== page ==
Done Dirt Cheap by Sarah Nicole Lemon
My rating: 5 of 5 stars
Tourmaline Harris’s life hit pause at fifteen, when her mom went to prison because of Tourmaline’s unintentionally damning testimony. But at eighteen, her home life is stable, and she has a strong relationship with her father, the president of a local biker club known as the Wardens.
Virginia Campbell’s life hit fast-forward at fifteen, when her mom “sold” her into the services of a local lawyer: a man for whom the law is merely a suggestion. When Hazard sets his sights on dismantling the Wardens, he sends in Virginia, who has every intention of selling out the club—and Tourmaline. But the two girls are stronger than the circumstances that brought them together, and their resilience defines their friendship.
This is a beautifully-written book with a setting that has a life of its own. I adore a book with a vivid setting, and DONE DIRT CHEAP didn't disappoint. Set in the mountains of Virginia, the book focuses on the developing friendship between the two main characters (between whom the POV alternates). Tourmaline and Virginia are relateable characters, and I spent the book rooting for their friendship to work out. They each have their own romantic interests which complicate the problems they already face, and even though in one case, I almost thought the romance shouldn't work out, I still found myself hoping it would.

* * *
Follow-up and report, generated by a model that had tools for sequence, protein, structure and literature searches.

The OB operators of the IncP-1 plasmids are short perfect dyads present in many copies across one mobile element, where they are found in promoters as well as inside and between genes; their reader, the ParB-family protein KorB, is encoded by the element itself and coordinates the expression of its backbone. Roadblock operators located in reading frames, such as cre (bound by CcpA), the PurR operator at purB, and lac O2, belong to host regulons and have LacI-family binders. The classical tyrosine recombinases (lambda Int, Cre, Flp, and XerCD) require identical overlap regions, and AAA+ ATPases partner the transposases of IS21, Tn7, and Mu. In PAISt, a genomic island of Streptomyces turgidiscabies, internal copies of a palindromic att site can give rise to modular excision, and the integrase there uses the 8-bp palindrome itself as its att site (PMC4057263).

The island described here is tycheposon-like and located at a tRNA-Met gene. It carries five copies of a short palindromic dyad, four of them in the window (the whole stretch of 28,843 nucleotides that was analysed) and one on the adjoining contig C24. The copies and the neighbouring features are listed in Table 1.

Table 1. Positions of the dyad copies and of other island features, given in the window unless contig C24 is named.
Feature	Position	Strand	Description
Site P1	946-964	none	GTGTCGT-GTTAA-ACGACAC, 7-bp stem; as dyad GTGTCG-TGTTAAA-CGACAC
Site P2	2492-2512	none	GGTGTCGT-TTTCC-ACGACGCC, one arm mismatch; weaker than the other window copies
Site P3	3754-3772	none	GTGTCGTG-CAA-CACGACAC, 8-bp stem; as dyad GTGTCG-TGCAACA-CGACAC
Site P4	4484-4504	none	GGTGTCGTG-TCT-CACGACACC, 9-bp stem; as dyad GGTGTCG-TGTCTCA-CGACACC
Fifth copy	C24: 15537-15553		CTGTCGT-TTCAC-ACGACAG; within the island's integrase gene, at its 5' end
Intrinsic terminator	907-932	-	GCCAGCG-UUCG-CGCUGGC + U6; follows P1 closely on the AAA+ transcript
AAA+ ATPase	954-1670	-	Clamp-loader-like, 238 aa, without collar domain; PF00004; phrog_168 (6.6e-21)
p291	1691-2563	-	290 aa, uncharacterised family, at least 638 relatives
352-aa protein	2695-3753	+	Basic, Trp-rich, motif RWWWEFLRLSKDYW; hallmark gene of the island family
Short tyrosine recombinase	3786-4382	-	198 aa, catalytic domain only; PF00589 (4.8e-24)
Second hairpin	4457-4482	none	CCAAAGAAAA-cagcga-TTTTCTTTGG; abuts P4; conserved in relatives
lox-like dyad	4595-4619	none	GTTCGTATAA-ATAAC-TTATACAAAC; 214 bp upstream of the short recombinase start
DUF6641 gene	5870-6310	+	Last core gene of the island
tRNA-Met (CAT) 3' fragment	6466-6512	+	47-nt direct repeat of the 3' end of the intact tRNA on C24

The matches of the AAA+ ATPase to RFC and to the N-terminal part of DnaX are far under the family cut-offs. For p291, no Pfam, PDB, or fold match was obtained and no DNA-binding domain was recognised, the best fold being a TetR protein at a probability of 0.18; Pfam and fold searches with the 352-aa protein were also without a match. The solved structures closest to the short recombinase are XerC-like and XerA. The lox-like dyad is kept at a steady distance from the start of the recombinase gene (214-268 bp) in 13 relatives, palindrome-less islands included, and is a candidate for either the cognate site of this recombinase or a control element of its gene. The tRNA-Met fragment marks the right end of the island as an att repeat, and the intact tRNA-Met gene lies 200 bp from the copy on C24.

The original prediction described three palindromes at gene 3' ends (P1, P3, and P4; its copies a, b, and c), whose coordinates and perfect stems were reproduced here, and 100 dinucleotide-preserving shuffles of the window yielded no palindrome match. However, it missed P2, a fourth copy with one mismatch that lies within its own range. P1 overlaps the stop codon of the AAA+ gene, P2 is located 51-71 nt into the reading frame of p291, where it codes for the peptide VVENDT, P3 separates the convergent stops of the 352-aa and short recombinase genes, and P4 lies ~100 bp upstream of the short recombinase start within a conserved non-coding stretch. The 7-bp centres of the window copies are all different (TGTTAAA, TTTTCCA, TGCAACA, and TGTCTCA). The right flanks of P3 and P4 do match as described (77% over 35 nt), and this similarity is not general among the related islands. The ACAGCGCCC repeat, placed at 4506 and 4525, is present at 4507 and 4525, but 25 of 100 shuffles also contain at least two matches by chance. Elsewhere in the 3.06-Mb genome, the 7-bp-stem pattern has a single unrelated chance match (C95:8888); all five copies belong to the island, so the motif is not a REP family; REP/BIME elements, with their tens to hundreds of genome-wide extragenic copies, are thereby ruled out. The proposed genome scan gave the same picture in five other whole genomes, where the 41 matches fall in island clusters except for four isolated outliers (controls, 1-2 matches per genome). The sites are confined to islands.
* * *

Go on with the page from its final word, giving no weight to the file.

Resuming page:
This is not a book to rush through. With its lyrical prose, it's a book to spend time with. The plot is strongly constructed, and I wanted to speed through it. But once I let myself slow down and savor the sentences, I found myself becoming more patient with taking a little extra time to read it. There are dozens and dozens of wonderful lines in this book, so I'll share my favorite:
"When girls stick together in this world, they're harder to pick off."
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